University commits to free speech initiatives after coming last in nationwide survey

DePauw University's president met with FIRE and announced a set of action items following the survey results, which put the school last in the latter's '2021 College Free Speech Rankings.'

The Indiana university ranked 154th out of 154 universities surveyed by FIRE.

After her institution came in last place in a recent nationwide report on campus free speech among 154 colleges, Depauw University President Lori White released a presidential update on Wednesday reaffirming the Indiana university’s commitment to freedom of expression. 

“Although that number represents less than four percent of higher education institutions in the U.S. and did not include many of our peers, my priority is to create an environment where all of our students are comfortable expressing their viewpoints and listening to those of others,” White said in the Dec. 15 statement. 

The report, “The 2021 College Free Speech Rankings,” was published by Foundation for Individual Rights in Education on Sept. 21. 

FIRE’s rankings were based on its survey of 37,000 students at 159 universities that assessed how campuses respect free expression. 

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The list stems from a FIRE conducted survey that takes into consideration the opinion of to learn how the campuses respond to and respect free expression on campus. Students are encouraged to respond with their own experiences of the free speech climate on their campus. 

Factors included “the ability to discuss challenging topics” such as race and gender and if students “hold back from openly sharing their views,” according to the nonprofit’s website. 

White met with FIRE’s staff following the report. 

FIRE Senior Program Officer Mary Zoeller told Campus Reform that she and colleague Sean Stevens “met with the president and her chief of staff a few weeks ago to discuss DePauw’s standing as the lowest ranked school in our 2021 College Free Speech Rankings.”

During the meeting, Zoeller said, the group discussed “concrete, positive steps” DePauw could take to improve their ratings. These steps included reviewing speech codes, developing a free expression policy, and instituting curriculum about free expression.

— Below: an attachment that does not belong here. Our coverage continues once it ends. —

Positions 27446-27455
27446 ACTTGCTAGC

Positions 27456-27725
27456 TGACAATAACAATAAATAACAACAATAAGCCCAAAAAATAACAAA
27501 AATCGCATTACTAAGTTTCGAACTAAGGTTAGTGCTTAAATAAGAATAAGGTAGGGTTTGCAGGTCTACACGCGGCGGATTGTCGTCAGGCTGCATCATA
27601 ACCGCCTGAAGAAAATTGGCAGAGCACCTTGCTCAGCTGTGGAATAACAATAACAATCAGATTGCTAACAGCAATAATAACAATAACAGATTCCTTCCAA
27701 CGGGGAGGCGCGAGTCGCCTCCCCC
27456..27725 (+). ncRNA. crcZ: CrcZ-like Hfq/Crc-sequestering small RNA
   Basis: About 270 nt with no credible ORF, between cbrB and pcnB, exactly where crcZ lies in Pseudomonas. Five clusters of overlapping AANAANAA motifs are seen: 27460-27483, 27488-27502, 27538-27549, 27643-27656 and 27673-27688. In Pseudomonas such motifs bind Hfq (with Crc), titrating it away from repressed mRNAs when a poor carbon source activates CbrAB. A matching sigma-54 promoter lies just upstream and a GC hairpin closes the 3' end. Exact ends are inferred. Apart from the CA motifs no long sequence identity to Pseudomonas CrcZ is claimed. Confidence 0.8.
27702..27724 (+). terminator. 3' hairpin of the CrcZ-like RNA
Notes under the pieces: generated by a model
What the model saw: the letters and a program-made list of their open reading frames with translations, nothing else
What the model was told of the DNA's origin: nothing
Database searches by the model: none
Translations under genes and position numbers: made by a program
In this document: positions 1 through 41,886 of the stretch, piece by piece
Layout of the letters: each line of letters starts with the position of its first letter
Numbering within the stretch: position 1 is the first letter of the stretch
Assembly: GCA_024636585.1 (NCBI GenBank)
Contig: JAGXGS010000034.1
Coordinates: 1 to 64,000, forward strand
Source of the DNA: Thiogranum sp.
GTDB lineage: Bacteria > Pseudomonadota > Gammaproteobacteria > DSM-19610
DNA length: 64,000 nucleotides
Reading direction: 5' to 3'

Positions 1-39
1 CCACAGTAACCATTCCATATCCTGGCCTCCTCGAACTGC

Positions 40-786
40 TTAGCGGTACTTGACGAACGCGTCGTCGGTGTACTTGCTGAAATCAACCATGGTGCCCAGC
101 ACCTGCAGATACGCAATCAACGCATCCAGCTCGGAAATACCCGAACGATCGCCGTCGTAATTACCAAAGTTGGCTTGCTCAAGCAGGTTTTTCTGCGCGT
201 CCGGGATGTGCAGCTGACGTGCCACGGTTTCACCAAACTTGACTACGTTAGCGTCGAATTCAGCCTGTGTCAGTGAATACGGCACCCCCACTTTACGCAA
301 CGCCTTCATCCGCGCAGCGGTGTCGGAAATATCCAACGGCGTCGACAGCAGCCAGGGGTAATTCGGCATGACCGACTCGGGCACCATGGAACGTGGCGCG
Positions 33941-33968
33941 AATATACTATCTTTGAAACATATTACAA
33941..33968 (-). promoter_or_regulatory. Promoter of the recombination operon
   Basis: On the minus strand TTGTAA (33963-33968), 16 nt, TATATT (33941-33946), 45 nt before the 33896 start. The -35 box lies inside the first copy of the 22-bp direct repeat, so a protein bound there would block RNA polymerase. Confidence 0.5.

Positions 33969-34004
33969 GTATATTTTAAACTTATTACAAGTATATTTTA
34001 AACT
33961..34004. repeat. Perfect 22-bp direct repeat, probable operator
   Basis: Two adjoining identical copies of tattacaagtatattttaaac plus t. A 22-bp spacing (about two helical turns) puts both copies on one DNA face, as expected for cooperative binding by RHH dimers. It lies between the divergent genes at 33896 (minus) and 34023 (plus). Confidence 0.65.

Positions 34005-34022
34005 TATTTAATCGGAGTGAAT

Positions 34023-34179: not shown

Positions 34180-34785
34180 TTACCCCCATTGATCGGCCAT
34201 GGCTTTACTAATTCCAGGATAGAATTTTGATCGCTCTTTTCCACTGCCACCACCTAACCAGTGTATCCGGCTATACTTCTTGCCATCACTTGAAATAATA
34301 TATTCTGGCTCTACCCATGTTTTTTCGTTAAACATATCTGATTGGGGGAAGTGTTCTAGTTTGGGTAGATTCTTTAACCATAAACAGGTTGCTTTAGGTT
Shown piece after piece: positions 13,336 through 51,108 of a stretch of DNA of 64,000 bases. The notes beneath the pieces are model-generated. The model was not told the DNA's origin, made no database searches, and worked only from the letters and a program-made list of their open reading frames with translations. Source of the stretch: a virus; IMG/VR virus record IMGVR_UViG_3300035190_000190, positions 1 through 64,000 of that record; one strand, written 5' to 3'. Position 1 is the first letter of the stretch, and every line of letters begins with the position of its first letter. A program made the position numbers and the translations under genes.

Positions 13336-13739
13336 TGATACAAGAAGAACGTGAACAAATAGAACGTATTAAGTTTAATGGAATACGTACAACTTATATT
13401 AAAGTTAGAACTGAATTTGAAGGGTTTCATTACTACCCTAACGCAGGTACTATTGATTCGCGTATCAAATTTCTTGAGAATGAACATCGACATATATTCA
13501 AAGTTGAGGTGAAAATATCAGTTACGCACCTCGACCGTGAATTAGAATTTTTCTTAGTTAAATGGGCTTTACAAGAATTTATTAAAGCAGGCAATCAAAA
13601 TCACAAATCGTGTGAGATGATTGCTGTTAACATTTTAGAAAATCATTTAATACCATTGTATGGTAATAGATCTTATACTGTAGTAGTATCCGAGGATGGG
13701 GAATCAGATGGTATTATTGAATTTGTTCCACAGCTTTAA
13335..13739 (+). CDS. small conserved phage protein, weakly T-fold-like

“President White has recently taken several steps to ensure students feel comfortable and safe to express their opinions on the DePauw campus,” Dieter said. “Since she joined the DePauw family, she has maintained that DePauw can develop leaders the world needs by fostering two important and compatible values: freedom of expression and a commitment to diversity and inclusion.”

White, is a member of the Academic Leaders Task Force on Campus Free Expression, a national organization that published a report, “A New Roadmap,” on Nov. 30. 

The report identifies 4 challenges universities must tackle to preserve freedom of expression and maintain an environment that is welcoming to academic freedom. The challenges address protecting purportedly hurtful speech, viewpoint diversity, defending the right to controversial speech, and “civil discourse.” 

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White told DePauw Dec. 15 that the university will pursue six initiatives based on the task force report’s principles, including the adoption of a “Freedom of Expression statement” as well as a “module on free expression during new student orientation beginning with this Fall.”

The statement, “Davidson Commitment to Free Expression,” begins with the following affirmation:

“We believe in free speech, free expression, and academic freedom. We believe in a robust exchange of ideas because we believe in an ethical pursuit of truth. Our official documents have outlined our commitment and, indeed, our obligation to uphold those beliefs.”

When asked for comment, Davidson College referred to the school’s news article breaking on the statement.

Freedom of expression has been a recurring problem among many higher education facilities.  In September, Campus Reform cited a study that found that 80% of college students self-censor on campus. Additionally, 48% admitted to being uncomfortable expressing their views and opinions during in-class discussions that could be considered controversial. 

Additionally, Campus Reform has covered lawsuits against universities that claim the schools censor or restrict speech. 

In April, SpeechFirst filed a lawsuit against Virginia Tech University that accused the school of enforcing policies that “restrain, deter, depress, and punish speech about the political and social issue of the day.”

Four months later, Alliance Defending Freedom and Montclair State University settled a lawsuit over the latter’s free speech policies.